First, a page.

Sapientza or Sapienza is a Greek island off the southern coast of the Peloponnese, near the city of Methóni. It is administratively part of the municipality of Pylos-Nestor, in Messenia. Sapientza is the second largest island of the Messenian Oinousses, a small group island which consists of three small islands (Schiza, Sapientza and Agia Marina). Its name is of Italian origin and means wisdom. The Calypso Deep, the deepest point of the Mediterranean Sea at 5,267 metres, is located south-west of Sapientza.
The slopes of the island are green and the crystal clear waters of the sea have a unique exotic color. Its shores are rocky, while there is a beautiful sandy beach on it: it is located on the north side of the island, opposite Methoni and is called Ammos. Sapientza has lush vegetation with dense shrubland and perennial hollies, arbutus and other Mediterranean plants. For this reason, Sapientza and the other Messenian Oinousses have been included in the Natura 2000 Network, with code GR2550003.
The island has seen many shipwrecks because it is located over the main sea route between Italy and the Middle East. Some of the wrecks carried important cargo, such as a Toman wreck that carried granite columns from the peristyle of Herod's temple in Caesarea Maritima. In the south of the island there is an important lighthouse built in 1885. Its height is 8 meters.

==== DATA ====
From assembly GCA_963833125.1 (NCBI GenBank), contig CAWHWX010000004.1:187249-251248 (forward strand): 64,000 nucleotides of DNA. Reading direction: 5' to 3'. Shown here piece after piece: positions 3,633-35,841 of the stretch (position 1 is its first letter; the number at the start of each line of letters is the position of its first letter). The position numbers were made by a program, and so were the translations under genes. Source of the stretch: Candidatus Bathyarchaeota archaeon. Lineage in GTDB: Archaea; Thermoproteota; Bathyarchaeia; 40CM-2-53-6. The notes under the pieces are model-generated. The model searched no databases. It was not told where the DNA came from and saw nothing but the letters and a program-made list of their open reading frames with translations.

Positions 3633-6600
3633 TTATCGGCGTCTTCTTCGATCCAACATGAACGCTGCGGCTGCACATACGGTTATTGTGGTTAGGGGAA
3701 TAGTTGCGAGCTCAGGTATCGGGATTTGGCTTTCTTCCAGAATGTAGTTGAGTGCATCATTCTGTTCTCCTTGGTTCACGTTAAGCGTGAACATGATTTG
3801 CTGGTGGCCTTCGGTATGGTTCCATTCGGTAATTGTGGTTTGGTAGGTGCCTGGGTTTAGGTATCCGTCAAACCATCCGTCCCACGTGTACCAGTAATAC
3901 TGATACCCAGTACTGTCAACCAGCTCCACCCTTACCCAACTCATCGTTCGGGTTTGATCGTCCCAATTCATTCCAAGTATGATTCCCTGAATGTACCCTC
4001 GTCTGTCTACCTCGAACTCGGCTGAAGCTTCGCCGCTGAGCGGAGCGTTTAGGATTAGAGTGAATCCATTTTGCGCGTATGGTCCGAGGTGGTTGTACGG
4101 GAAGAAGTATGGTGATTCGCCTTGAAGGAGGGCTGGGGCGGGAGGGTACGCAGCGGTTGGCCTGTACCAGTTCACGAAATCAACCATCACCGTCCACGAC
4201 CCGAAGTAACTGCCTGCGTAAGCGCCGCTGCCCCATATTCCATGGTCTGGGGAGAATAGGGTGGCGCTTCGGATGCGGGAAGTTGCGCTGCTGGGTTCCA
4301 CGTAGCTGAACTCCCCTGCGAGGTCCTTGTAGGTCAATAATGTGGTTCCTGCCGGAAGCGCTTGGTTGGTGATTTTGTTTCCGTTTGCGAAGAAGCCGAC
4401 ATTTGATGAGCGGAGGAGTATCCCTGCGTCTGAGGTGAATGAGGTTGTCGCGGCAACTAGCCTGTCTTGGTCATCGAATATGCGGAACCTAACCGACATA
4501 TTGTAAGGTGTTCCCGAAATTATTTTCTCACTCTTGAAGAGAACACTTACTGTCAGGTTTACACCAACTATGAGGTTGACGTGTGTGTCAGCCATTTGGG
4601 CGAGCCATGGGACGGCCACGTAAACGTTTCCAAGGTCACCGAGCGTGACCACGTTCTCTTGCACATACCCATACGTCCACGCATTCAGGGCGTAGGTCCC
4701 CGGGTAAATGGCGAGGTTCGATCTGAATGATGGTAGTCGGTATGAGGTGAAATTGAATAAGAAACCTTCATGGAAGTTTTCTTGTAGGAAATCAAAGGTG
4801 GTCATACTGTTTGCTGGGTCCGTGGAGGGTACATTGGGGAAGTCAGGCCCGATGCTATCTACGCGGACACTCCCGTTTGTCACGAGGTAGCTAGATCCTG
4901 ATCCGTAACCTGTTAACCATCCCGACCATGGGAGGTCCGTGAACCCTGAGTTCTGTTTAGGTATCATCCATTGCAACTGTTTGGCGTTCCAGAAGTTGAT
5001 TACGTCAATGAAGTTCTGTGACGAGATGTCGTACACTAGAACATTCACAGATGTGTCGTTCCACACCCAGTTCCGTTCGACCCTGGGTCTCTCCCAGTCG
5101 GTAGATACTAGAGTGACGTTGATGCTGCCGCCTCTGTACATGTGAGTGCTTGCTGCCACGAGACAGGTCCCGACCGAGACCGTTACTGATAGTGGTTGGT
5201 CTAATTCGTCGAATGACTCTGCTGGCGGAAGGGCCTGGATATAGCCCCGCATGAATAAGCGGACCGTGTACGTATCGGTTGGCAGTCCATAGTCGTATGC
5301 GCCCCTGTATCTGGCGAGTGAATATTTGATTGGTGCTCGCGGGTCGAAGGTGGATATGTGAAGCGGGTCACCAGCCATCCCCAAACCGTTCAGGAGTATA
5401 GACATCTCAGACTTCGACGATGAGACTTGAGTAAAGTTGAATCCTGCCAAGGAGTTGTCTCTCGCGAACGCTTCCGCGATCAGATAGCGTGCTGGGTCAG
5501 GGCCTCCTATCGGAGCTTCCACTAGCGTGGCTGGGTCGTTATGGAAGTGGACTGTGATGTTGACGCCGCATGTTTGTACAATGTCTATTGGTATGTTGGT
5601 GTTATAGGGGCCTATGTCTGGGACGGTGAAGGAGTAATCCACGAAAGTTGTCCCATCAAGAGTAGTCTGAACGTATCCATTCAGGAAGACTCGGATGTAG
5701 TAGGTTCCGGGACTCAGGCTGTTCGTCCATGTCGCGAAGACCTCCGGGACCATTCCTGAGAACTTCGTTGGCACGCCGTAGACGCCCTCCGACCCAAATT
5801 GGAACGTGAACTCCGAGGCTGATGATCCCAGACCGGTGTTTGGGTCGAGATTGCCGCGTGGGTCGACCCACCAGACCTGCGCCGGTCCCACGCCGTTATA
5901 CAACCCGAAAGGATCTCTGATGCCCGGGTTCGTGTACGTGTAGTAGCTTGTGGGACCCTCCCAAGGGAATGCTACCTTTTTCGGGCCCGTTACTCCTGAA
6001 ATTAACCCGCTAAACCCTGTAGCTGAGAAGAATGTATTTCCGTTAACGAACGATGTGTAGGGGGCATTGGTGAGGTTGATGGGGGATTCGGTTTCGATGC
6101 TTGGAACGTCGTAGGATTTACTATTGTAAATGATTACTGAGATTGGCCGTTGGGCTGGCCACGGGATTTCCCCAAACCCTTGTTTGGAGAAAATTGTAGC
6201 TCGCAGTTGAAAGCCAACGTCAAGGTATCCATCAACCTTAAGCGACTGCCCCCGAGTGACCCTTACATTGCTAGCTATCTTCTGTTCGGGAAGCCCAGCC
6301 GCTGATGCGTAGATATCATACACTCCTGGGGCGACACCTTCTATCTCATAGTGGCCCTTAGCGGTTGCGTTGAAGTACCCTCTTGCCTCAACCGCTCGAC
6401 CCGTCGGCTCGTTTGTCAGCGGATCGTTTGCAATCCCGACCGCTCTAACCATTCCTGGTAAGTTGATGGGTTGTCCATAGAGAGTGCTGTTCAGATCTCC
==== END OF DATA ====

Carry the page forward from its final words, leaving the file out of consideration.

Sapientza is known for the Treaty of Sapienza in 1209, between the Republic of Venice and the Principality of Achaea. With this treaty Methoni and Corone remained under Venetian rule and the remainder of the Peloponnese was ceded to Villehardouin. In 1354, the Venetian and Genoese fleets fought the Battle of Sapienza. After the Greek War of Independence, Sapienza became a part of the Greek state. Nevertheless, the British claimed Sapienza during the Pacifico case, as part of the United States of the Ionian Islands.